During the search for tickets to her first Taylor Swift concert, Jasmine Ma has talked to dozens of probable scammers on Facebook and Instagram.
Sometimes they have obviously fake profiles. Other times, their profile appears legit, complete with photos at previous Swift concerts. In Ma’s experience, the would-be scammers usually start to give her a hard time when she requests to make the purchase using PayPal Goods and Services, a digital payment platform that protects buyers and sellers.
Ma, 27, of Bustleton, wishes she could just get tickets off a verified resale site such as StubHub, SeatGeek, or Vivid Seats. But with prices for Swift’s three Philly concerts starting at $1,300 after fees on those sites, Ma said she has no choice but to brave a social media marketplace rife with con artists looking to take advantage of Swifties.
A trusted secondary-market site “would definitely make me feel more assured, but the ticket prices are way too high right now,” said Ma, who works in administration for an engineering firm. Despite being a lifelong fan, “it’s not justifiable paying more than a mortgage to see her for a night.”
As Swifties across the region get increasingly desperate this week, people like Teresa Murray worry. As consumer watchdog for the Public Interest Research Group, she has seen how tech-savvy and sophisticated scammers can be — and how diehard fans can be especially vulnerable.
“There are con artists out there that have been thinking for a long time about how to scam people, whether it’s for Taylor Swift or Beyoncé [concerts] or a 76ers playoff game,” Murray said. “For a lot of people, going to a Taylor Swift concert in person makes them just desperate, and desperate people sometimes do irrational things.”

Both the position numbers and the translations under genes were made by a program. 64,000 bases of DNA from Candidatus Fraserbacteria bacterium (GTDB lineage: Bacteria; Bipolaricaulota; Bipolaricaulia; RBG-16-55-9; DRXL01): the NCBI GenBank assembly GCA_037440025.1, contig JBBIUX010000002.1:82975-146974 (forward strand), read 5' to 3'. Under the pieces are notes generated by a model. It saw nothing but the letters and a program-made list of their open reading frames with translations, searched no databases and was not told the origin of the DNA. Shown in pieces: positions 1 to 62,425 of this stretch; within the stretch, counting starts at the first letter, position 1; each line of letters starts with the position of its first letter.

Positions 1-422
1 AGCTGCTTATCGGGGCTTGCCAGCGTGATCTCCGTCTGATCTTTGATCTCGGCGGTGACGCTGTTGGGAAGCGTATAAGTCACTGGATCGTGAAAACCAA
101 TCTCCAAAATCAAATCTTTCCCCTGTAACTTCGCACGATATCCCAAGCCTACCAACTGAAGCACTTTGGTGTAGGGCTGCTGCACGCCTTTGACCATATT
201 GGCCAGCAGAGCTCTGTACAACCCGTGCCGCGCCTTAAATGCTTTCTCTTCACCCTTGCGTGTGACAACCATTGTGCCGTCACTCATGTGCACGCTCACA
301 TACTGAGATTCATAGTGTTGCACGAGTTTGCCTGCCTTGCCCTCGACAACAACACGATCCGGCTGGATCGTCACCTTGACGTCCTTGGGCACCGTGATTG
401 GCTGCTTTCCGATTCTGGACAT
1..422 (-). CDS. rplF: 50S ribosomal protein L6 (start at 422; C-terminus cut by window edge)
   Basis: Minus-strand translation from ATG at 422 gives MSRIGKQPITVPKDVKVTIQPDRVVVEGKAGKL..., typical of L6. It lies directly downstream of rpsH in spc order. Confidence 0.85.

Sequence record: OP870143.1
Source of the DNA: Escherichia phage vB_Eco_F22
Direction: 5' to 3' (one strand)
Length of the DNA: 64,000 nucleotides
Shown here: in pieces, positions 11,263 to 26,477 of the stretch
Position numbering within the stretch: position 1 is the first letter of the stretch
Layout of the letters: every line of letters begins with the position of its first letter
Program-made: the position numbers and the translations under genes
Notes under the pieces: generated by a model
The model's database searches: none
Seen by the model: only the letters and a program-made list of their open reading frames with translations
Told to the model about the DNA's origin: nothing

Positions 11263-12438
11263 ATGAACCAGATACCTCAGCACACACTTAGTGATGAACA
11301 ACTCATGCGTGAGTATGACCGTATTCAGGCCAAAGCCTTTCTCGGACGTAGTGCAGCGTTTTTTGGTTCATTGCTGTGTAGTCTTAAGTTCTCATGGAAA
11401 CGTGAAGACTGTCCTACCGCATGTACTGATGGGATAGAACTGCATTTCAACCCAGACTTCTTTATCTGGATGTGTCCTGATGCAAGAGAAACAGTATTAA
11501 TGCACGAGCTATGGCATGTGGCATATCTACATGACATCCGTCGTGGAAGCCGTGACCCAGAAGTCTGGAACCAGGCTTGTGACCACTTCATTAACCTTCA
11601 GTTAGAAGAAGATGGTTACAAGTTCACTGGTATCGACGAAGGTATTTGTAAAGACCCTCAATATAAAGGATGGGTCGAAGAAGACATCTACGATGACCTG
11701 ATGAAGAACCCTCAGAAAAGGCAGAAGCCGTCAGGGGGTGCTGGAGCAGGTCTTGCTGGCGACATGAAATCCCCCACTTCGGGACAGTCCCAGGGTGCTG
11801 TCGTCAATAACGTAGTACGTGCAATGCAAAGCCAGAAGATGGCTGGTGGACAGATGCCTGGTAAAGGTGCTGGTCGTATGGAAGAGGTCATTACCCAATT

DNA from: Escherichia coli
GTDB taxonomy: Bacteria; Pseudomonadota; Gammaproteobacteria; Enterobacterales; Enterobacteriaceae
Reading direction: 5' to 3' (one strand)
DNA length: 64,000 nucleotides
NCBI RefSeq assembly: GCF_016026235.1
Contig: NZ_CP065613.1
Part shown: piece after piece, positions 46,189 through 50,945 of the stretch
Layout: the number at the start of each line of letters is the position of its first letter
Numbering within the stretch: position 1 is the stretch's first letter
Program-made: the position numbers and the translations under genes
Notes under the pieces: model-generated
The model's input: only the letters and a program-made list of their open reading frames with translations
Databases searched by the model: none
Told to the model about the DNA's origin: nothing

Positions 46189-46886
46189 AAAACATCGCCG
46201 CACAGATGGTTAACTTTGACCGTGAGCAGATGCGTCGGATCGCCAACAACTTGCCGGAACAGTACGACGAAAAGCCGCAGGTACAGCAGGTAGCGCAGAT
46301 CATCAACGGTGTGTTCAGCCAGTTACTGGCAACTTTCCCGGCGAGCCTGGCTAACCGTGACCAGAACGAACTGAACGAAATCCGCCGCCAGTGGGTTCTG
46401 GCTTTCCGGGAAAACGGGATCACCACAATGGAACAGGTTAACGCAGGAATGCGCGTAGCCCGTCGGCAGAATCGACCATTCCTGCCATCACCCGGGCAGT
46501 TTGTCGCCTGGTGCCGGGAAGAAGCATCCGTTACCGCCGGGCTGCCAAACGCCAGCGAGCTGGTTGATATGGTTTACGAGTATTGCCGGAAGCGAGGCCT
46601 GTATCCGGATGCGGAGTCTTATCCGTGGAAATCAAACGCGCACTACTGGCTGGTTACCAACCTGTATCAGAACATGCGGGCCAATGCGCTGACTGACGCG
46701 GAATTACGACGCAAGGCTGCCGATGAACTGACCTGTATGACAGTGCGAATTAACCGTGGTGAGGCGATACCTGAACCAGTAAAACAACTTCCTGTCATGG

Concert tickets being priced so high can exacerbate FOMO, or “the fear of missing out,” said Moody’s analyst Jason Mercer. As fans scour all corners of the internet for tickets, struggling to find ones in their price range, “it’s in their mind that this must be the best show ever.”
No matter how desperate they are, Murray never advises fans to buy tickets from strangers on social media, recommending that they instead network in their own circles in the offline world.
Ask relatives, friends, neighbors, or coworkers whether they have tickets or know anyone who does. Even if you end up buying from a longtime coworker or friend, she said, there is a level of protection in knowing that your friend would be able to track the seller down in the unlikely event that they scammed you.
With strangers on social media, there are no guarantees, she said, and more than just the ticket cost could be on the line.
Some scammers have started asking people to open their email and send them a code, which allows the scammer to take over the person’s email and potentially access their banking account and other personal information.
“There will be people who make bad decisions this week and buy fraudulent tickets, get their personal information hacked, because they wanted to go to a concert,” she said. “At some point, you need to make a decision: Is it really worth it … if you have to worry so much about whether you’re going to get scammed?”
For some Swifties, the answer is yes.
After encountering likely scammers for months on Facebook and Twitter, Danielle D’Achille, 28, of Conshohocken, bought two $420 tickets from someone on Facebook last week. She felt confident that the seller was legitimate, she said. The woman FaceTimed D’Achille and sent a screen recording, showing their conversation on Facebook messenger and then a Ticketmaster account with the tickets in it.
By being tapped into Swiftie social media channels, D’Achelle, a project manager, said she learned to look for specific red flags, such as accounts with a profile picture allegedly showing the seller and Swift (which is believed to be taken from other people’s profiles).
“I’ve been psychotic about following all this stuff,” she said. “I understand if you’re not someone who is chronically on TikTok, Instagram, Facebook, all these social media, you wouldn’t know to look for these things.”
Which begs the question: Is the online resale market any better, any safer for consumers, than the old-fashioned one that consisted of scalpers outside the stadium?
“I honestly don’t know,” Murray said, noting that a scalper’s tickets could sometimes be verified at the box office before any money was exchanged. “If I couldn’t buy tickets from a friend or a coworker or a relative, I think I’d rather buy tickets from a scalper in the olden days outside the venue than some random person on Facebook Marketplace or Craigslist.”